Osteoporosis is as common among women in Vietnam as it is in Europe, and despite the strong sunshine, vitamin D deficiency is a serious problem. These findings were presented by the researcher Huong Nguyen in her PhD thesis that she defended at the Karolinska Institutet in Stockholm. Thanks to Sida’s research programme, she has been able to alternate her PhD studies between the fieldwork in Hanoi and the experiments and expert-guided studies in Stockholm.
"How can the level of osteoporosis be so high among Vietnamese women? We eat a lot of tofu and drink soymilk every day?"
That was the question that the researcher Huong Nguyen asked herself when seeing the result of the first national study carried out to measure bone mineral density among the population in Vietnam. A total of 222 men and 612 women were tested and the results were worrying: nearly one in four women above 50 experienced osteoporosis (brittle-bone disease) at the head of the thigh bone and when looking at the lower back, nearly 50 per cent of the women were affected. The disease is more common after the menopause due to the declining production of oestrogen in the body.
Soy products contain phytoestrogens, a plant-derived substance similar to the body’s own hormone oestrogen. But despite the fact that soy is a daily food for many Vietnamese, Huong Nguyen’s study showed that its level of phytoestrogens was so low that it can’t be considered as a protective factor against osteoporosis. Prevention of diseases is very important not only from a health perspective, but it also contributes to the long-term economic development of the country.
Vitamin D is another important substance in this context due to its role in absorption of calcium and its storage in the bones. In a country where sun is strong and in abundance, the body’s production of vitamin D should be secured. But the second study conducted by Huong showed an alarming discovery: approximately 30 per cent of the women between the age of 13 and 83 years had a vitamin D deficiency, and for the women below the age of 30, the figures were up to 50 per cent. A veritable national health problem, but how was this possible?
"The ideal of female beauty with fair skin is so strong that women, especially in urban environment, avoid the sun by all means. They wear special blouses, trousers and even facial masks for protection. I have now started to disseminate my results at conferences and in the media to increase awareness about the problem with vitamin D deficiency, and the importance of exposing oneself to the sun," says Huong Nguyen.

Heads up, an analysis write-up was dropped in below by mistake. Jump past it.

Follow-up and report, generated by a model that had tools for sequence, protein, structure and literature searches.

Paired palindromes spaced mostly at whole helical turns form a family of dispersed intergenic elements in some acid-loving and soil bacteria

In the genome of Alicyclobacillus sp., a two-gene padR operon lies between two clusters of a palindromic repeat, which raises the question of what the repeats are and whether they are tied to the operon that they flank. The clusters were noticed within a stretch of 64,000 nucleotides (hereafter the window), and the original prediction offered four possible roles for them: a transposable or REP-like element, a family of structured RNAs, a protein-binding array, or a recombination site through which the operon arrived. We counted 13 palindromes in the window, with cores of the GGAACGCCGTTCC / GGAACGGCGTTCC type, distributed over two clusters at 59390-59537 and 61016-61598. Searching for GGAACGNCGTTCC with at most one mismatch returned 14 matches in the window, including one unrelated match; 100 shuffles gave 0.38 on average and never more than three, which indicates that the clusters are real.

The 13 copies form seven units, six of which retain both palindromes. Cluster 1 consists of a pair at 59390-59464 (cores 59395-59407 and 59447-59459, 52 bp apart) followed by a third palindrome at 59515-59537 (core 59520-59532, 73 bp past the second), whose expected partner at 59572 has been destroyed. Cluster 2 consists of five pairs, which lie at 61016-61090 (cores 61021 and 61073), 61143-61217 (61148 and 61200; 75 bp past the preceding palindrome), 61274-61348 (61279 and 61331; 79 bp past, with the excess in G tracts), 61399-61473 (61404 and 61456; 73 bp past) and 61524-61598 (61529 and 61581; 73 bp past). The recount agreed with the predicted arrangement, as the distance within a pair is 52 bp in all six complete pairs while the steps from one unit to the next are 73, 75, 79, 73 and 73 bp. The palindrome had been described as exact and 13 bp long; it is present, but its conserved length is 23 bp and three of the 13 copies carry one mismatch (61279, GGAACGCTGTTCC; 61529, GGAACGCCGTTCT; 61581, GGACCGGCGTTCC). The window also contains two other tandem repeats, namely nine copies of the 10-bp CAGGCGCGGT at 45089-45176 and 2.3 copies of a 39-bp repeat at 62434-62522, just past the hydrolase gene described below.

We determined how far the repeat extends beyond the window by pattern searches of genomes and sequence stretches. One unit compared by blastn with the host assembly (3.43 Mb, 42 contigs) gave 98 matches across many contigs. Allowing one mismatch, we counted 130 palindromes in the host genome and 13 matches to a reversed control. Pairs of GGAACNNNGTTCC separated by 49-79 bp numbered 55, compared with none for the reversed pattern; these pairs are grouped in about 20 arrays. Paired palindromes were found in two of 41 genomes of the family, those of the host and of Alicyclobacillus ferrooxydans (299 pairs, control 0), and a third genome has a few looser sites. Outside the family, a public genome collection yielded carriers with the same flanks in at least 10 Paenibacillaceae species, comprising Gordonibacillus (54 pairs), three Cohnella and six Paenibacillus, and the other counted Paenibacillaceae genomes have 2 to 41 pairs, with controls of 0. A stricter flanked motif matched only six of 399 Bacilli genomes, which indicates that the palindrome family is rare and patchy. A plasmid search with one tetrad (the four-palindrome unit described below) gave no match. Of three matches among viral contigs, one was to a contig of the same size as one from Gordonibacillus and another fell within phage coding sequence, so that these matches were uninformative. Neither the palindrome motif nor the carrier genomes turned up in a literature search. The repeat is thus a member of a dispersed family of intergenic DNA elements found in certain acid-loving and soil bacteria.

Her research on osteoporosis started when a group of professors from the Karolinska Institutet (KI) visited Hanoi Medical University (HMU) in Hanoi. The young lecturer Huong Nguyen got a strong support for her idea for a research project and she came to Stockholm and Karolinska Institutet in 2003. Three years later, she began her research and in 2012, she presented her dissertation and got her doctor’s degree.
35 years of research cooperation
Sida’s support to graduate students has been an important part of the 35 years of research cooperation with Vietnam. In order to build the national research capacity, the central aspect has been to involve the country’s own university by using the so-called sandwich model. The students alternate between Vietnam and Sweden with mentors at both countries’ institutions. The research has been concentrating on existing problems in respective recipient country, and the Swedish Universities have offered expert scientists and well-equipped research environments.
"Without the support from Sida and Karolinska Institutet, it would have been very difficult to perform my research. I wouldn’t have had the same access to experts for continuous advices and guidance, or help to write my scientific article for a medical journal; in Vietnam we don’t have that kind of experience," says Huong Nguyen.
One advantage of combining Hanoi with Stockholm is that she has been able to immediately apply what she has learnt upon her return to Vietnam, and share the knowledge with her colleagues and her students.
But what she appreciates above all about the Swedish model is the ability to combine family life and research. With two small children at home, it would have been impossible for her to spend five years abroad.
"This has made it possible for me to do my PhD research while taking care of my family, which is very essential particularly for us women. And my research career, it has only started," she says and laughs.
Facts: research cooperation with Vietnam
The total support to Sida’s 35 year of research programme amounts to 341 million SEK, and has been carried out in three phases.
A total of 92 PhD and 99 Master students were trained at the reputable universities Karolinska Institutet, (KI), Swedish University of Agricultural Sciences (SLU) and Umeå University (2011). 53 PhD students defended their doctoral theses at the Swedish universities. The support has also been used for eg. laboratory equipment, libraries, network meetings, courses and conferences.
The aim of the research is to contribute to solving problems that are relevant in Vietnam, particularly in the areas of health, rural development, and biotechnology. This could contribute to a long-term poverty reduction as the country develops and people get a better life.
An increased research capacity can also create economic development by developing new products and jobs.
Huong Nguyens research on Osteoporosis:
Huong Nguyen’s studies at the Karolinska Institutet made her realize the importance of working as a team. Back in Vietnam she established her own research group. Today it has 51 members and many of them are graduated PhD students who work on their own research projects.
Read the summary of the Huong Nguyen's study on osteoporosis